Rocket Queen: Block Party Bounces Back

2009’s party on the hill was bigger, better, and less hazardous to my physical well-being than it has been in the past.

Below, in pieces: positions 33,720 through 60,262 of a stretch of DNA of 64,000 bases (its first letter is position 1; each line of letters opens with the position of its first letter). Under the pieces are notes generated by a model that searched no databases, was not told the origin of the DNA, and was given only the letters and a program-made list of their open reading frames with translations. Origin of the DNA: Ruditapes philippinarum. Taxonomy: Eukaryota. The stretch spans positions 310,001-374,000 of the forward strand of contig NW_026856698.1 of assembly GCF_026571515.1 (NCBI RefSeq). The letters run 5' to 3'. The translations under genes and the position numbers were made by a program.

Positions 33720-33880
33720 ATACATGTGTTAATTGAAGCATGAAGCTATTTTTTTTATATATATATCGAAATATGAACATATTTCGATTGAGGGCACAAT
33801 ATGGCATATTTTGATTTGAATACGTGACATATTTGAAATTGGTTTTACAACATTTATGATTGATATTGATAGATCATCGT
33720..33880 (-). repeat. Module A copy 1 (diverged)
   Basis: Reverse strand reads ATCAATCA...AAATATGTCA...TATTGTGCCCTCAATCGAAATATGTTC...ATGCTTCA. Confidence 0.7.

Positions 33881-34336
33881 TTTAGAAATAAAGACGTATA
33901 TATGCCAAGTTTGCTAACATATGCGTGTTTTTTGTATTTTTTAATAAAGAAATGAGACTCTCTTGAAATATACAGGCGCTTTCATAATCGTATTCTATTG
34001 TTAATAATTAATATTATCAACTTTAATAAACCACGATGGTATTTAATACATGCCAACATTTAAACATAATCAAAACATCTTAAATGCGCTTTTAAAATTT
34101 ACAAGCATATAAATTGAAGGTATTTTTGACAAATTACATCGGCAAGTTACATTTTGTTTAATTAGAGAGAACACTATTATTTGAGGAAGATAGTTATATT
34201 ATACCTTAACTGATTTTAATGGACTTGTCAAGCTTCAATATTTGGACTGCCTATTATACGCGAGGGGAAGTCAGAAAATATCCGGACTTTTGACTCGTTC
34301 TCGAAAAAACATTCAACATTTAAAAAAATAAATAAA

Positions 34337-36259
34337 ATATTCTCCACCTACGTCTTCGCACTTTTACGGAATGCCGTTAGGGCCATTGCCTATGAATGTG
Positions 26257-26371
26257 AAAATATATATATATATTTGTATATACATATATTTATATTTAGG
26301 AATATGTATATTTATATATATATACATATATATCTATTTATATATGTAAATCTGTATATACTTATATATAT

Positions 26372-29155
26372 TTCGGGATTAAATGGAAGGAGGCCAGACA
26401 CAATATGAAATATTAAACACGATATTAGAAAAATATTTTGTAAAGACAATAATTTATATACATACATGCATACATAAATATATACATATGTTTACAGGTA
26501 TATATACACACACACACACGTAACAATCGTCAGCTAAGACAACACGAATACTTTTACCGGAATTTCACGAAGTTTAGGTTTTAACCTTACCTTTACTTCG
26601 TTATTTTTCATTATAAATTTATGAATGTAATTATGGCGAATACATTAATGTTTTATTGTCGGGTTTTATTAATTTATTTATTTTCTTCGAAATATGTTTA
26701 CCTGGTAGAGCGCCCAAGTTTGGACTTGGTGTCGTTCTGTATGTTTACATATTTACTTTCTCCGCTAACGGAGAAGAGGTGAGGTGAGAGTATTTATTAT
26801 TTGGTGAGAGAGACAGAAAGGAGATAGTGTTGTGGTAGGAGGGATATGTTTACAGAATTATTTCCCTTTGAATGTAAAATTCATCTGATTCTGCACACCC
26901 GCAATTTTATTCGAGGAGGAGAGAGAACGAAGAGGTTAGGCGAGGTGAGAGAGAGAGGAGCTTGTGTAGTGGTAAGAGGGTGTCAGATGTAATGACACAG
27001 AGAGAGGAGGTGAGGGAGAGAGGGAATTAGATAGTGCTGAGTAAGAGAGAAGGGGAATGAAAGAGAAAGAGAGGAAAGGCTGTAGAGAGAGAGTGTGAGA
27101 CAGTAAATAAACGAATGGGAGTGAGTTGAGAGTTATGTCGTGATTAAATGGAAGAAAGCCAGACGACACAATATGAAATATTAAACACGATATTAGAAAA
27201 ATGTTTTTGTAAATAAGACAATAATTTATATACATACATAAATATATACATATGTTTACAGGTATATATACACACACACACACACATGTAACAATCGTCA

Like a lot of people, my experience at last year's Capitol Hill Block Party was less than desirable. On the first night, I tried to catch Das Llamas' final show in the bowels of the Cha Cha and found the space so crowded and overwhelmingly filled with ill-tempered drunks that I bounced before their last song. The bottleneck during Girl Talk's set on the Main Stage was so congested, I was terrified someone would get hurt. I adore Les Savy Fav, but I didn't feel safe enough even to stick around for their set afterwards.This year's CHBP couldn't have been more dramatically different or enjoyable. The CHBP is a long-running neighborhood event started in the late '90s by Thirsty Girl promoter Jen Gapay, whose initial conception of a charmingly small, arts- and booze-fueled festival with a DIY ethos quickly grew in scale and popularity. Gapay eventually left to pursue promotions work in New York City; in 2000, then-Neumos owner Marcus Charles, Fuzed Music maven David Meinert, and Caffé Vita proprietor Mike McConnell took over the CHBP and laid the groundwork to take it to the next level. They hired Neumo's co-owner and Sealed With a Kiss promoter Jason Lajeunesse to book bands for the Main Stage and Neumos; Vera Project booker Tristan Pelton takes care of the all-ages Vera Stage. This year they also took the wise step of contracting with Bumbershoot producers One Reel to handle production, and completely revamped the festival layout: two choices that made crowd flow and general navigation much easier.I arrived early enough on Friday to catch the Dutchess and the Duke's Main Stage–opening set. Bandleaders Jesse Lortz and Kimberly Morrison are an easy and engaging team onstage, and the new material from their forthcoming sophomore album Sunrise/Sunset (Hardly Art) set the pace for a day that would eventually accelerate toward The Jesus Lizard's much-anticipated reunion performance. In the intervening hours, I split my time socializing in Kerri Harrop's graciously hosted VIP tent (where you could still hear and see the Main Stage acts while ingesting free beer and Mexican food) and watching my KEXP colleagues Scott Holopainen and Justin Wilmore film secret sessions at the Bean Room at Caffé Vita. The Moondoggies, Grynch, and the Maldives were a part of that, but a hilarious, open bar–driven "interview" between Recording Academy director Ben London and some very tipsy members of Thee Sgt. Major III might have been the most entertaining part of the afternoon.Watching from side stage as The Jesus Lizard's manically ribald leader David Yow stalked the perimeter with his trademark chaotic posturing was a delight, as was watching everyone flip out with nostalgic relief that the band could still deliver the goods. If you missed it, don't fret: The Jesus Lizard will be back to play Neumos on October 23.On Saturday, I arrived inside the sweltering sauna of Neumos just in time to catch the set by smart-mouthed Welsh punks Future of the Left. The band is clearly no longer living in the shadow of their former incarnation, Mclusky; their audience was entirely enraptured and seemed familiar with all their new material. As they always seem to, the band had plenty to complain about from the stage, from the amount of money they were paid to the rapidly increasing temperature ("I feel like an elephant ejaculated on me," said bassist Kelson Louis Mathias at one point), but all that grousing did nothing to distract from what was arguably the strongest and most startlingly passionate showmanship of the whole weekend.Unless one had snagged a spot up front after Gossip's dance party–inducing set, sightlines for Sonic Youth's festival-closing performance were a challenge. Undeterred, myself, Ben London, Long Winters leader John Roderick, and Sunset booker/Mt. Fuji Records owner Mike Jaworski all braved scaling the chutes and ladders required to gain an enviable vantage point on the roof of Neumos. I've seen Sonic Youth more times than I can recall, but they are always satisfying, especially when they whip out old favorites like "Death Valley '69" toward the end.Culinary maverick Michael Hebb staged the perfect Dionysian benediction for the evening, hosting a midnight One Pot dinner over in the Vita Bean Room, featuring performances by The Lonely Forest, Head Like a Kite, the Blue Scholars, and Fatal Lucciauno along with seemingly bottomless bottles of red wine, with platters of fire-roasted vegetables and grilled lamb chops prepared by Nick Castleberry (Sitka and Spruce), Christina Choi (Foraged and Found Edibles), and Robin Leventhal (formerly of Crave, and soon to be a contestant on Top Chef). The Capitol Hill Block Party may be all grown up, but the sense of community generated that night was even warmer than the record-setting weather. Topping 2009 will be hard, unless I can convince Lajeunesse that it's his moral obligation to orchestrate a Fugazi reunion in

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